FRAMINGHAM, Mass. — Investors have taken note of the surging enterprise demand for tools that can manipulate and analyze massive volumes of structured and unstructured data.
In recent months, top venture capital firms have poured hundreds of millions of dollars into companies that make products designed to manage so-called big data, generally defined as very large and diverse sets of structured and unstructured data gathered from a websites, clickstreams, email messages, social media interactions and the like.
Venture capital firm Accel Partners has even established a $100 million fund to finance big data vendors that are in the early stages of growth.
One of the latest beneficiaries of the largesse is software maker Birst, which this month disclosed that it had received $26 million in funding from Sequoia Capital, Hummer Winblad and DAG Ventures. To date, Birst has raised $46 million overall.
Birst was launched in 2005 as a cloud-based business intelligence service, and more recently positioned its cloud-based and on-premises products as tools for analyzing and gleaning intelligence from petabyte-scale data sets.
Birst is just the latest provider of big data tools to feel investor love.
In November, Cloudera closed a $40 million round of funding led by Ignition Partners, Greylock Partners and Accel Partners. Cloudera, which sells and supports a commercial version of the open-source Hadoop big data technology, has so far raised more than $75 million overall from investors.
Meanwhile, Cloudera rival MapR has raised more than $25 million; 10Gen, maker of the MongoDB big data database, has secured some $32 million; and DataStax, a provider of products based on Apache Cassandra database technology, has raised $11 million.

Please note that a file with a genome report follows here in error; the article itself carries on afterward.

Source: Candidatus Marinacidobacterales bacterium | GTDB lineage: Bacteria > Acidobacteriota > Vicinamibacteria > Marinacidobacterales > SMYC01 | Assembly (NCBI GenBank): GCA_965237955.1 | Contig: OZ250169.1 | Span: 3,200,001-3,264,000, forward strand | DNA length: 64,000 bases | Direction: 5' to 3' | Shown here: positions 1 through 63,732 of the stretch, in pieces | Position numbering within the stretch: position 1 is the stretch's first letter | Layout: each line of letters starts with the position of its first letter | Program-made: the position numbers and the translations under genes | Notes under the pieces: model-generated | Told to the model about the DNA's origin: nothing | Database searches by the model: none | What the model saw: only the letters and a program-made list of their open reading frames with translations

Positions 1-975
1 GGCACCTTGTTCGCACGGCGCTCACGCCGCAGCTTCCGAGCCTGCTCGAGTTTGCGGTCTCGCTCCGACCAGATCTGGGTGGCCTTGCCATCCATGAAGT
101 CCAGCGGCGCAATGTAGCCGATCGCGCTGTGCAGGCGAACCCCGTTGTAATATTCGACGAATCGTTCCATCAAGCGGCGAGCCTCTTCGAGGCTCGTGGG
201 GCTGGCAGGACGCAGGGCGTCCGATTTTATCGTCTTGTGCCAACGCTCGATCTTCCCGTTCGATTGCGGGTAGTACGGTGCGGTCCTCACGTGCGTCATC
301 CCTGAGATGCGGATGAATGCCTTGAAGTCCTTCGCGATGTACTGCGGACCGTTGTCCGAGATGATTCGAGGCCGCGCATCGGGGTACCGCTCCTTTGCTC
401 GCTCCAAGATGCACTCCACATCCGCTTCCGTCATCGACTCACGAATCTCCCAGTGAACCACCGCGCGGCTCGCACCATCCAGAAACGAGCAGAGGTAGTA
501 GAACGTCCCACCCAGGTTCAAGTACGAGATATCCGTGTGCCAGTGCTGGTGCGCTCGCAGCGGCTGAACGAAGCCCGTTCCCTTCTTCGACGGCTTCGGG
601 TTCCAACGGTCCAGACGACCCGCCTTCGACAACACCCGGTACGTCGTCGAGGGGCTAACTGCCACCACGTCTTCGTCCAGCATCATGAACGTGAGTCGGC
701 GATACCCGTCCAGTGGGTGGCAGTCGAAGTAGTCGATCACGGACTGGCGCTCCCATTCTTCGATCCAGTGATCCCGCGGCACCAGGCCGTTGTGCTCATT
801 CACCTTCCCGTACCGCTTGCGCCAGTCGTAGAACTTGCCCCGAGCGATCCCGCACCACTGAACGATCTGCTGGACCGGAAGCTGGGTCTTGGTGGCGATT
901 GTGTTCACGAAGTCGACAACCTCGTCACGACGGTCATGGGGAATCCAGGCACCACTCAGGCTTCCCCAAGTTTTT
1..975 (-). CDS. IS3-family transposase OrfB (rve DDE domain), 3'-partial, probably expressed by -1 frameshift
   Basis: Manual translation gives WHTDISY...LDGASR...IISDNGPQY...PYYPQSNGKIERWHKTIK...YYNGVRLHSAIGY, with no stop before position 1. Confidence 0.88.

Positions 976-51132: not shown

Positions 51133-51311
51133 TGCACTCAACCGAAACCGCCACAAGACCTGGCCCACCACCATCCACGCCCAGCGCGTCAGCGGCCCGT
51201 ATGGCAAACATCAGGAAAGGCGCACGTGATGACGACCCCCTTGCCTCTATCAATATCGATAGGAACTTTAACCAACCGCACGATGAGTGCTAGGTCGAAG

And the list goes on.
Greg McDowell, an analyst at investment banker JMP Securities, said that the investor interest stems from massive enterprise demand for tools that can manage data stores that are growing at breakneck speeds.
He added that investment firms clearly noticed last month’s initial public offering of big data software maker Splunk that raised about $230 million.
“Big data has become big business,” McDowell said. “Companies are looking for tools to store, manage, manipulate, analyze, aggregate, combine and integrate data.”
A key driver of the data explosion is the spread of cloud computing, mobile computing and social media technologies, along with business globalization, he said.
McDowell estimated that the market for big data tools will rise from last year’s $9 billion to $86 billion in 2020, when spending on big data tools will account for some 11% of all enterprise IT spending.
Curt Monash, an analyst at Monash Research, noted that startup big data firms ignored by venture capitalists may find that they’re attractive to established data management vendors like IBM, Oracle and Microsoft, which are increasingly looking to buy their way into the big data business.
At the same time, though, Monash warned investors to beware of the hype surrounding the technology.
“A great example of hype is anybody calling Birst a ‘ big data’ or ‘big data analytics’ company,” he said. “If anything, Birst is a ‘little data’ analytics company that claims, as a differentiating feature, that it can handle ordinary-sized data sets as well.”
“The great growth in database sizes is both caused and balanced out by Moore’s Law,” Monash added. “The net effect is healthy but not enormous growth in the overall data management and analytics markets.”